Speaking for myself (re: how the LW2.0 team communicates)

Posts made by mem­bers of the LessWrong 2.0 team are typ­i­cally made from the per­spec­tive of the in­di­vi­d­ual—even when they are writ­ing in their ca­pac­ity as LessWrong team mem­bers. My (Ruby’s) model of the team’s rea­son for this is that even if there are col­lec­tive de­ci­sions, there are no col­lec­tive mod­els. Not real mod­els.

When the team agrees to do some­thing, it is only be­cause enough of the in­di­vi­d­ual team mem­bers in­di­vi­d­u­ally have mod­els which in­di­cate it is the right thing to do. Our mod­els might be roughly the same at a high-level such that you can de­scribe a “com­mon de­nom­i­na­tor” model, but this isn’t an ac­tual model held by an ac­tual per­son. I think such “com­mon de­nom­i­na­tor” group mod­els are un­de­sir­able for at least the fol­low­ing rea­sons:

  1. Pres­sure to form con­sen­sus re­duces the di­ver­sity of mod­els, some­times go­ing from mul­ti­ple mod­els per per­son to only a sin­gle model for the group. This can then re­sult in over­con­fi­dence in the sur­viv­ing model.

  2. There might be no group model. The group might have agreed on a de­ci­sion, but they never reached con­sen­sus on the rea­sons for it.

  3. It is costly to de­scribe group mod­els. Either some­one has to draft the model, get feed­back, make re­vi­sions, re­peat, un­til even­tu­ally it is “good enough” or some­one de­scribes a model pu­ta­tively held by the group, but which is not ac­tu­ally rep­re­sen­ta­tive of the group’s think­ing.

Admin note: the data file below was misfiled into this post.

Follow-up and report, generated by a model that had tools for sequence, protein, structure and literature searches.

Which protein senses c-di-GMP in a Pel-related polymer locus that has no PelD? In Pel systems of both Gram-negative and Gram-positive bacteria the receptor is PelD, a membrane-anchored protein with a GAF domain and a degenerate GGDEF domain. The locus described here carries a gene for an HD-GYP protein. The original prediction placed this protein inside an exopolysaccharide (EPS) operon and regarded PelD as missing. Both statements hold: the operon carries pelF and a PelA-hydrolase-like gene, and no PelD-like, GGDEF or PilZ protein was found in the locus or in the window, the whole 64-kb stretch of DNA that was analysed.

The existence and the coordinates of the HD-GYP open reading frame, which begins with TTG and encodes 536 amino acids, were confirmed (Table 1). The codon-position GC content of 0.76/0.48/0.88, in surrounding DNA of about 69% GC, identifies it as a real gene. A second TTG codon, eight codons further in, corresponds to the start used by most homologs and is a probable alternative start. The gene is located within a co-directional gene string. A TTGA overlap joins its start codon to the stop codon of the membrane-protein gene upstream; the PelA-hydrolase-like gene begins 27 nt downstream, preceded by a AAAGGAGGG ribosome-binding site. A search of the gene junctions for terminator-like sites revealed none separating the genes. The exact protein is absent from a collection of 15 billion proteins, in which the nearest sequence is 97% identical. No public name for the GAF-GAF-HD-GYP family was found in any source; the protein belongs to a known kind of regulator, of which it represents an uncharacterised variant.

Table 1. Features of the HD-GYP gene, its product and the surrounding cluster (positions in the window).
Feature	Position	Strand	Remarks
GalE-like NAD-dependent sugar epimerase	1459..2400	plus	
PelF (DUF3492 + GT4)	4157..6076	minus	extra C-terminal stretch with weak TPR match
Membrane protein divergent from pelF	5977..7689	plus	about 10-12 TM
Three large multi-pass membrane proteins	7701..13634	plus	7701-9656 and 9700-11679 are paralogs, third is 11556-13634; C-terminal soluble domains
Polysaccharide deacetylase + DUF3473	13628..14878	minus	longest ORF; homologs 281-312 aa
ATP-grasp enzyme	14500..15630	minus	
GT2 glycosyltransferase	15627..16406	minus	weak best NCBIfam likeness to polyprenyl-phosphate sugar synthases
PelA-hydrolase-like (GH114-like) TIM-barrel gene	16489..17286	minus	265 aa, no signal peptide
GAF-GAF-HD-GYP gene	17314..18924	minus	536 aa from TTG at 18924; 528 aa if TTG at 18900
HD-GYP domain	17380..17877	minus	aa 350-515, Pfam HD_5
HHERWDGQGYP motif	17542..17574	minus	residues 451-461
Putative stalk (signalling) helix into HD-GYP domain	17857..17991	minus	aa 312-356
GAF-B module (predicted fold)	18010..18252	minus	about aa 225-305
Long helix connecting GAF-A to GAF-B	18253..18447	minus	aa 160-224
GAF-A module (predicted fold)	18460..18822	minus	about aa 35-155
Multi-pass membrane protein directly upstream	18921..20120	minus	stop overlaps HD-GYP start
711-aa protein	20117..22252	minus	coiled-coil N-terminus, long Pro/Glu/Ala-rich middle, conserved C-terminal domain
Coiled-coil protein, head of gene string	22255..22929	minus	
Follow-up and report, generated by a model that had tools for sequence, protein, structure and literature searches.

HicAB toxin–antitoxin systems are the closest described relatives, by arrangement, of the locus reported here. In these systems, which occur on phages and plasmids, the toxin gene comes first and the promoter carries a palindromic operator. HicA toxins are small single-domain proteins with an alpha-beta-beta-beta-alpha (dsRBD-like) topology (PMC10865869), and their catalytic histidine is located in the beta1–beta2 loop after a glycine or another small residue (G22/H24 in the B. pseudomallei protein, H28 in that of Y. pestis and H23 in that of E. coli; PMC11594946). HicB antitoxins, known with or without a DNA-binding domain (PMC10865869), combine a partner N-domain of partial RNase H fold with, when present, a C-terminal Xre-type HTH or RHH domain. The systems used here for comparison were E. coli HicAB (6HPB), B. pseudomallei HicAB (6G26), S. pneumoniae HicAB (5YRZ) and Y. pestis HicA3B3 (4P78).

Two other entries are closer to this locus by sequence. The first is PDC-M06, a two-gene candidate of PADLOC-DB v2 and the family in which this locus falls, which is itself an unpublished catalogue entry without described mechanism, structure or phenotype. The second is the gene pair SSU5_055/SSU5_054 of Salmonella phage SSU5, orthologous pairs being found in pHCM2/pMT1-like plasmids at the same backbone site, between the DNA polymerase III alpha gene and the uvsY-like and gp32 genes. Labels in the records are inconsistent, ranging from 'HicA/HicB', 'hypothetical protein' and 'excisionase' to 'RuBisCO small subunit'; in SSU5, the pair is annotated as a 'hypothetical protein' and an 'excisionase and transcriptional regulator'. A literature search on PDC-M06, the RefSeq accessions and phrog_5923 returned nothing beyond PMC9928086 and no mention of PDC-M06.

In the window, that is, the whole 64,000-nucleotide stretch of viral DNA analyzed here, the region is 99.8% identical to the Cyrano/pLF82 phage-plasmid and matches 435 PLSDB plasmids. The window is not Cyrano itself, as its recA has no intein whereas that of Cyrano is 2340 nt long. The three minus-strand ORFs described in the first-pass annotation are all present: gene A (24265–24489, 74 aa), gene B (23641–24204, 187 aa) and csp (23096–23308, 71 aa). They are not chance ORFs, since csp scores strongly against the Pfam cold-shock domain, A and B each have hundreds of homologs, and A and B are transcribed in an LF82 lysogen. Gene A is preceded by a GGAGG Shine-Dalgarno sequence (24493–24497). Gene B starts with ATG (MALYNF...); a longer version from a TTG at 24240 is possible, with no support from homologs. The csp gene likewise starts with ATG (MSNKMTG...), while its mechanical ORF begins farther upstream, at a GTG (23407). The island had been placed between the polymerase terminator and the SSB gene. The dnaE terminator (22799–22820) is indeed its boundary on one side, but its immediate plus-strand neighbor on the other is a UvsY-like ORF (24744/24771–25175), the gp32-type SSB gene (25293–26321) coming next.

4. In fact, no in­di­vi­d­ual might en­dorse the group model as be­ing their own.

  5. The per­son de­scribing the group model doesn’t nec­es­sar­ily un­der­stand things they’re in­clud­ing which came from oth­ers.

  6. In av­er­ag­ing mul­ti­ple mod­els, de­tail is lost and you no longer have a model which can use­fully gen­er­ate pre­dic­tions.

  7. No in­di­vi­d­ual owns the model, mak­ing it hard for any one per­son to elu­ci­date, defend, or be held ac­countable for it.

  8. Reluc­tance to speak on the be­half of oth­ers means that very lit­tle gets said.

Cru­cially, group mod­els which get shared ex­ter­nally are very of­ten not the mod­els which were used to make de­ci­sions. If you want to un­der­stand a de­ci­sion, you want the ac­tual model which gen­er­ated it.

Given the goal of shar­ing our ac­tual true think­ing with the out­side world (rather than nicely cu­rated PR an­nounce­ments), the LessWrong team has the rough policy that we speak from our per­sonal point of view and avoid com­mit­ting to an im­per­sonal, au­thor­i­ta­tive, “offi­cial view of LessWrong.”

I sus­pect (and I be­lieve the team gen­er­ally agrees) that in­di­vi­d­ual team mem­bers post­ing from their own points of view will ul­ti­mately re­sult in the out­side world hav­ing a bet­ter un­der­stand­ing of our think­ing (in­di­vi­d­ual and col­lec­tive) than if we at­tempt to ag­gre­gate our in­di­vi­d­ual mod­els into the “or­ga­ni­za­tion’s mod­els”. Or­ga­ni­za­tions don’t have mod­els, peo­ple do.

That said, we talk a lot to each other and our mod­els are cor­re­lated. We tend to agree on the broad out­line of things, e.g. we agree at the crud­est level that LessWrong is about ra­tio­nal­ity and in­tel­lec­tual progress, even if we don’t agree on more de­tailed fram­ings and rel­a­tive em­pha­sis. We think roughly like each other, but don’t be sur­prised if a differ­ent team mem­ber says about a high-level vi­sion post I wrote that it’s not their model of it or that they don’t agree with ev­ery de­tail.

Seem­ingly, this com­mu­ni­ca­tion policy might al­low us (the LessWrong team) to weasel out of our pub­lic state­ments. “Oh, that’s just what Ruby said—the rest of us never said that.” This is far from the in­ten­tion. This policy is fo­cused on how we com­mu­ni­cate our rea­sons for do­ing things rather than state­ments about our com­mit­ments or ac­tions. If a LessWrong team mem­ber says the LessWrong team plans to do some­thing (es­pe­cially ma­jor di­rec­tions), it’s fair game to hold the en­tire team ac­countable for do­ing that thing.